The Council has accepted the cascading principle for the use of woody biomass, in line with its previous proposals. It wants Member States to design support schemes for the biomass sector in such a way as to minimise market distortions on the raw materials market, and has therefore proposed to exclude high quality roundwood from biomass production. The Commission has been asked to draft an amendment to incorporate this principle directly into the revised Directive. The deadlock resulted in negotiations ending in February without any solution.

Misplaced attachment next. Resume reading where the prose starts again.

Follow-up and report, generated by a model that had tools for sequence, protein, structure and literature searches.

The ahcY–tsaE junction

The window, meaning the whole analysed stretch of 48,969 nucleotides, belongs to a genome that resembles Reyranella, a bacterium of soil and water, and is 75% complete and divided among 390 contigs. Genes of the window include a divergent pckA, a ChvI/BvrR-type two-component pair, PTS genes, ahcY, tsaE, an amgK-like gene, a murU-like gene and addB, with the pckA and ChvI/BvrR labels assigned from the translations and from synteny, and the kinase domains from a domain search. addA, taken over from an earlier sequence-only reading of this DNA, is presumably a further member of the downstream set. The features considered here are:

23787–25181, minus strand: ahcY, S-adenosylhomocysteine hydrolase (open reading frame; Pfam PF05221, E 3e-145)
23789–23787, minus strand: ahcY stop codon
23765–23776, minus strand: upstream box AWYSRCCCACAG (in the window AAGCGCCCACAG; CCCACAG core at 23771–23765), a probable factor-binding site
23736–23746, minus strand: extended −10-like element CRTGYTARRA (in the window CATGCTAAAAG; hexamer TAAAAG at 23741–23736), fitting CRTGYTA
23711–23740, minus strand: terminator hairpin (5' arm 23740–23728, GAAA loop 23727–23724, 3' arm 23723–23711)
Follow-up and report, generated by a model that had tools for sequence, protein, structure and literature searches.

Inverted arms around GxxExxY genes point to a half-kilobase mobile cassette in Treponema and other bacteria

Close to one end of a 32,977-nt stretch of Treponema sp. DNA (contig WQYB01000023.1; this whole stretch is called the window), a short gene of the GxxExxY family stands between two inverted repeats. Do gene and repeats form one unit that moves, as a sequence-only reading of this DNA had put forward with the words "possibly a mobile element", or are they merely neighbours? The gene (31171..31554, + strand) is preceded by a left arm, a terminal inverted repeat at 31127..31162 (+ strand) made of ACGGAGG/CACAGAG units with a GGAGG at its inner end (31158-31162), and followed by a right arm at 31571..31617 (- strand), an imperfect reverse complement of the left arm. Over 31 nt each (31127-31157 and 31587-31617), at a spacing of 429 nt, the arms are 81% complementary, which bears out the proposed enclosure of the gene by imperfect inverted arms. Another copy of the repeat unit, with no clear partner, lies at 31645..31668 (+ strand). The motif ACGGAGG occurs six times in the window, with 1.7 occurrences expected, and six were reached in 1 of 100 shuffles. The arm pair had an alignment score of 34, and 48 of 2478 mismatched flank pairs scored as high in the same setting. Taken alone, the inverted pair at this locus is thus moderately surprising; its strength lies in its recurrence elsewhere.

In January, prices for energy wood chips in Latvia continued to fall. According to the Latvian Forest and Wood Products Research and Development Institute (MeKA), firewood chips were valued at 25.77 Eur/m³ in January, -7% lower than the previous month. The drop is expected to be even more significant after the publication of February prices, which are expected to be published in mid-March. Similarly, sawdust prices in Latvia fell by -6% month-on-month in February to 20.16 Eur/m³. However, not at the same pace as in Germany, with residual sawdust prices almost half the level of November-December. The mild weather and the large stocks of pellets have reduced the demand for sawdust by pellet producers as they have reduced production. EUWID estimates that at the end of January, sawdust prices in Germany were in the range of 15-18.50 Eur/m³ compared to 27.50-37.50 Eur/m³ in November 2022. Many people still have large stocks and are unwilling to pay high prices for sawdust. Moreover, sales are unlikely to recover before the end of the winter season. In addition, demand for sawdust from panel producers has decreased. The economic downturn has reduced demand for particle board across the continent. Due to high inventories and lower prices, many panel producers have reduced their production since the beginning of 2023 and further reductions are expected.